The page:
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19:16, 30 January 2013 Shawna (talk | contribs)

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(Reply to Draft Internet Freedom Checklist)
01:02, 30 January 2013 Shawna (talk | contribs)

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(Reply to Draft Internet Freedom Checklist)
13:22, 22 January 2013 Alex (talk | contribs)

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13:22, 22 January 2013 Alex (talk | contribs)

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Hi all,

Here is an updated version of the Internet Freedom Checklist. Please read it over and use this space to post your comments, suggestions, changes, etc.

Draft Internet Freedom Checklist

13:22, 22 January 2013

Thanks Alex,

Perhaps we could discuss the updated checklist in the context of the new Mega site (not unlike dropbox):

Kim DotCom is quoted as tweeting: “If you use #Mega, you say YES to Internet Freedom.”

Mega's Terms of Service and Privacy Policy have been lauded for their respect of user privacy:

But many say Mega is using privacy as the reason to offer a service which automatically encrypts all content, but the purpose of the automatic encryption is primarily to provide them with excuses to not proactively co-operate with copyright holders.

Interesting input from Susan Chalmers at InternetNZ:

"She said the design of the service appeared to ring-fence Dotcom from knowledge of the content of the files on the Mega service - a key component for any agency attempting to prove secondary copyright violation.She said the Megaupload case and Dotcom had helped produce new case studies which defined enforcement and jurisdiction."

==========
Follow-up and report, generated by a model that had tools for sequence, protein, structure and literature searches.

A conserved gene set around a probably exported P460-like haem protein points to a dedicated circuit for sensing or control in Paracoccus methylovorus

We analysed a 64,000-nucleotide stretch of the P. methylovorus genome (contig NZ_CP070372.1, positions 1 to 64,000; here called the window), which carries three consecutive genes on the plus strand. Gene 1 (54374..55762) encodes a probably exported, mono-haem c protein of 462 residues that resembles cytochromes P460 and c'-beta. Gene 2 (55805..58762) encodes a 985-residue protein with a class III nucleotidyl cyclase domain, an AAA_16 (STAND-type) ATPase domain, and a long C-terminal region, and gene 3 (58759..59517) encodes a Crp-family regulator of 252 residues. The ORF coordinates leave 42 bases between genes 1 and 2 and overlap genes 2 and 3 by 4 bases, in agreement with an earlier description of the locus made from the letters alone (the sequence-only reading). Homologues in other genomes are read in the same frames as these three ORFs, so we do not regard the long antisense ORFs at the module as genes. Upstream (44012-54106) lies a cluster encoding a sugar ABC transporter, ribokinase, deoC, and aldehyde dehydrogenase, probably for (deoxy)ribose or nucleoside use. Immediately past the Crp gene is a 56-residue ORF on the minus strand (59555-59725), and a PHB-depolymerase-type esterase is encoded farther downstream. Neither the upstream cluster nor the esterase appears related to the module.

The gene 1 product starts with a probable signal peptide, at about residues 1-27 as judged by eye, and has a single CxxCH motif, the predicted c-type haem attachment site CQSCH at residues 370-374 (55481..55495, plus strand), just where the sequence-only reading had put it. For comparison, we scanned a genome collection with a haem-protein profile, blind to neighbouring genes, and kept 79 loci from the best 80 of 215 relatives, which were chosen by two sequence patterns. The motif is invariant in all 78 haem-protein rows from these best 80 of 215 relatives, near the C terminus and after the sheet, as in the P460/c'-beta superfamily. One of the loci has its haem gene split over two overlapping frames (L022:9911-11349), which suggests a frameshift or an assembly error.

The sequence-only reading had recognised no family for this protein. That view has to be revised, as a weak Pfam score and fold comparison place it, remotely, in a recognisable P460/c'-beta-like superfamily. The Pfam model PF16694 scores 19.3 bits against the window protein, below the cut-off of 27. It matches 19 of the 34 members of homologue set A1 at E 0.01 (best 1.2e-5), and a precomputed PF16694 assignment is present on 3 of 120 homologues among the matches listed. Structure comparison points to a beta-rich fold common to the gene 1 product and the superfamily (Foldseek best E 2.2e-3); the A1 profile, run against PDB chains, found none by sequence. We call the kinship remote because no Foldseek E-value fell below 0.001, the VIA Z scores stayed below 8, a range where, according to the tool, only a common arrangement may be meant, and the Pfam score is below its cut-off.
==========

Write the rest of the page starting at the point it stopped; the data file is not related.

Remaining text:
Meanwhile techies have poked holes in the encryption used by Mega, and this from their Terms of Service:

8. Our service may automatically delete a piece of data you upload or give someone else access to where it determines that that data is an exact duplicate of original data already on our service. In that case, you will access that original data.

Using encryption as a defense makes regulating online service/content providers more difficult. What responsibility do they bear for tracking links to encrpyted content that breaks copyright? How might legislators infringe on human rights in an attempt to hold service providers like Mega responsible?

01:02, 30 January 2013

Also this case, in which the Court of Human Rights has, for the first time in a judgment on the merits, clarified that a conviction based on copyright law for illegally reproducing or publicly communicating copyright protected material can be regarded as an interference with the right of freedom of expression and information under Article 10 of the European Convention. Such interference must be in accordance with the three conditions enshrined in the second paragraph of Article 10 of the Convention.

19:16, 30 January 2013